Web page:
Have you ever seen a Dogon door?  They are at the top of the list of artifacts tourists and collectors look for when visiting Dogon country. There are two types- granary doors, which is shown at left; and house doors, which are larger.  Don’t be misled however, if you come across a granary door and wonder how people used such small entries. Granary doors are placed on the square shaped towers Dogons use to store grains. The doors are small to reduce the risk of predators and other invaders from getting in, or easily removing the grain. the largest granaries are for millet, and it is stored with the grain on the seed head. So the door just has to be big enough to reach in and pull out a handful of millet stalks.  House doors are larger- usually 70 x 50 cm, but still small by western standards.  This is probably due to the scarcity of wood available.  Another interesting aspect of these doors are the locks. They come with a wooden key which looks like a stick with some nails sticking through it.  They actually work really well. You can see an example of the lock on the door shown above.  

If you are interested in getting a Dogon door, they are widely produced by artisans in Mali for the tourist market.  They will even treat it with ash, carbon from cooking fires, shea butter, and animal urine so that you too can have an artifact that looks like a real antique. I hear that there is a warehouse in Bamako where they keep a trove of them. This might be it (or it might be a scene from the Raiders of the Lost Ark.)

Doors are significant, as they represent the threshold to another space another place.  It seems that there are many doors to Dogon Country, which are not physical, but metaphorical. Standing on the edge of the Bandiagara cliffs, looking down into the expanse of the Dogon Plains, you do feel like you are passing from one distinct place to another world.  There are many places, due to the need to descend the cliff and having the vista suddenly appear, where it feels like you have just gone through a door.  My favorite is just below Dourou on the way to Guimini where you descend a series of carved logs that pass for ladders to carry you down the cliff, but first you have to twist your way through a short rock tunnel to get to the cliff edge. When you emerge from the tunnel, you see the top of the ladder and look down at the base of the cliff a hundred feet below. Beyond you see the terraced levels of the cliff base going down to the sandy plains.

Ibou’s most ambitious projects have also been doors, but on a completely different scale. He has produced two sets of compound doors. These are the doors that fit into the wall surrounding a compound and they are enormous. In Bandiagara, one set is the entry way to the Hotel Falaise . These doors have been designed to roll out on metal rollers, otherwise they would be too heavy to move.  The center of each door features a Dogon dancer, surrounded by rows of ancestor figures. The arch above is a frieze of a Dogon village. Comparing these doors with the traditional doors at the link above, Ibou’s realistic portrayal of the dancers in full motion and the Dogon village above is a complete departure from traditional iconography.  His introduction of these contemporary elements and the adaptation of the form to a grander scale sets this work apart from that of the village carver.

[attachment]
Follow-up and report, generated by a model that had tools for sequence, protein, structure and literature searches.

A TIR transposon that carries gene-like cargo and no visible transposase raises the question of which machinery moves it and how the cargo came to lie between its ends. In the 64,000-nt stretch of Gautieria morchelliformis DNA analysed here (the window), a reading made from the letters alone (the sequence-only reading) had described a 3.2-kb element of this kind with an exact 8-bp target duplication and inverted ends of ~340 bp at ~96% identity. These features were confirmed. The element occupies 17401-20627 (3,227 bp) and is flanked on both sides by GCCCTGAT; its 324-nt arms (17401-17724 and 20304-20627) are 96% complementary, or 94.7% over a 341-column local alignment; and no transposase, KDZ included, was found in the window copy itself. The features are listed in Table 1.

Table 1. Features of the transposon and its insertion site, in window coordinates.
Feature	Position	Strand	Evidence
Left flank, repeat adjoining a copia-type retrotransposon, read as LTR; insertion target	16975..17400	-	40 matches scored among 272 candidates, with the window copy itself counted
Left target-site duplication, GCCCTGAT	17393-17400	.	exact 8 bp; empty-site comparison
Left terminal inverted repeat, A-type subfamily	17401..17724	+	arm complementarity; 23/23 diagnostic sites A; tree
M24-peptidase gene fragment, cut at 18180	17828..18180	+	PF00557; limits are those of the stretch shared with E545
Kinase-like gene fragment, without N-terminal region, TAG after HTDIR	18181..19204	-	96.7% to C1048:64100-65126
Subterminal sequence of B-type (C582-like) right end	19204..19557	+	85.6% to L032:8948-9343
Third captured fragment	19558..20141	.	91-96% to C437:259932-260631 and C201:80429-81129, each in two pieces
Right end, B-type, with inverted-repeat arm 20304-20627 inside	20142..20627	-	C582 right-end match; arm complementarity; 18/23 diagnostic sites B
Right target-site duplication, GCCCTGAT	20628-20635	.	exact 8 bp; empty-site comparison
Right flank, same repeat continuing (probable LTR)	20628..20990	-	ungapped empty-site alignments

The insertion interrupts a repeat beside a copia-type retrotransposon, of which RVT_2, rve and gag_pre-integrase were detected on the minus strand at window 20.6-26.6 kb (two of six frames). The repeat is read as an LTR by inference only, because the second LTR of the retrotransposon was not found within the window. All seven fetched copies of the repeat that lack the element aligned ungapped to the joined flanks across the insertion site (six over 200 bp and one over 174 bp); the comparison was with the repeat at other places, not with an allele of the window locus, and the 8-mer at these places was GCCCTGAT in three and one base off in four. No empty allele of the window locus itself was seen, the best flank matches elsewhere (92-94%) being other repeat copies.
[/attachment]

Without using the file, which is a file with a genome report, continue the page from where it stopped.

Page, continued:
Ibou completed a second set of doors while living in Ghana, from wooden panels shipped from Mali. When they arrived, it took six men to carry each panel from the truck to the workshop. when Ibou finished carving, two men were able to load them again. I will add pictures of these extraordinary doors when they are available.

Contemporary African Art is Avant Garde

For many years, contemporary African artists struggled for recognition as fine artists in their own right.  Most people were familiar with African “tribal art”  or the cultural artifacts from nameless artists collected by exporters.  The demand for these “antiques” reduced many talented African artists to producing fakes or replicas of the outsiders’ perceptions of what African art should be, and what tourists looked for in the market. This led to a stagnation of innovation and creativity, as artists produced work for sale to, and for the satisfaction of a narrowly focused type of collector.  There have always been the renegades, however, who produced art at the beckoning of their creativity and personal vision.

These renegades are now starting to gain the recognition they deserve in the formal art world. The National Museum of African Art at the Smithsonian in Washington D.C. is a powerful advocate for the voice and talent of contemporary African artists. They deserve appreciation for bringing the fine artists of Africa to light and providing space and opportunities for museum visitors to expand their knowledge and experience this unique perspective.  Other galleries and auction houses are now starting to tune into the growing value of this artwork.

Chibundu Onuzo asserted that “Contemporary African art exists. Not only does it exist, it thrives. Not only does it thrive, it does pretty well at auctions, as the annual Bonham’s ‘Africa Now’ auction attests to.”  July 16, 2014.¹  This article mentions multiple galleries owned by African women in London. In the U.S. there are a few notable galleries, such as the Contemporary African Art Gallery in New York.  There is room for many more galleries specializing in African Contemporary Art in America.  The economic potential is certainly growing, as described in a CNN video featuring Giles Peppiatt, the Director of Contemporary African Art at Bonhams. He explains how the African market stacks up against the rest of the world.²

For fine artists from Africa, this should be an exciting time. Gaining recognition for the creativity and ingenuity of their work, and allowing them to inspire their more conservative peers to be willing to take a chance and move out of the ghetto of tourist art to regain their suppressed artistic spirits.  Art in Africa should not be relegated to pandering to tourists. Artists should be valued, once again, for the intrinsic value of their work and what they uniquely contribute to society.

¹Why you should buy African contemporary art now

²Why more and more people invest in African art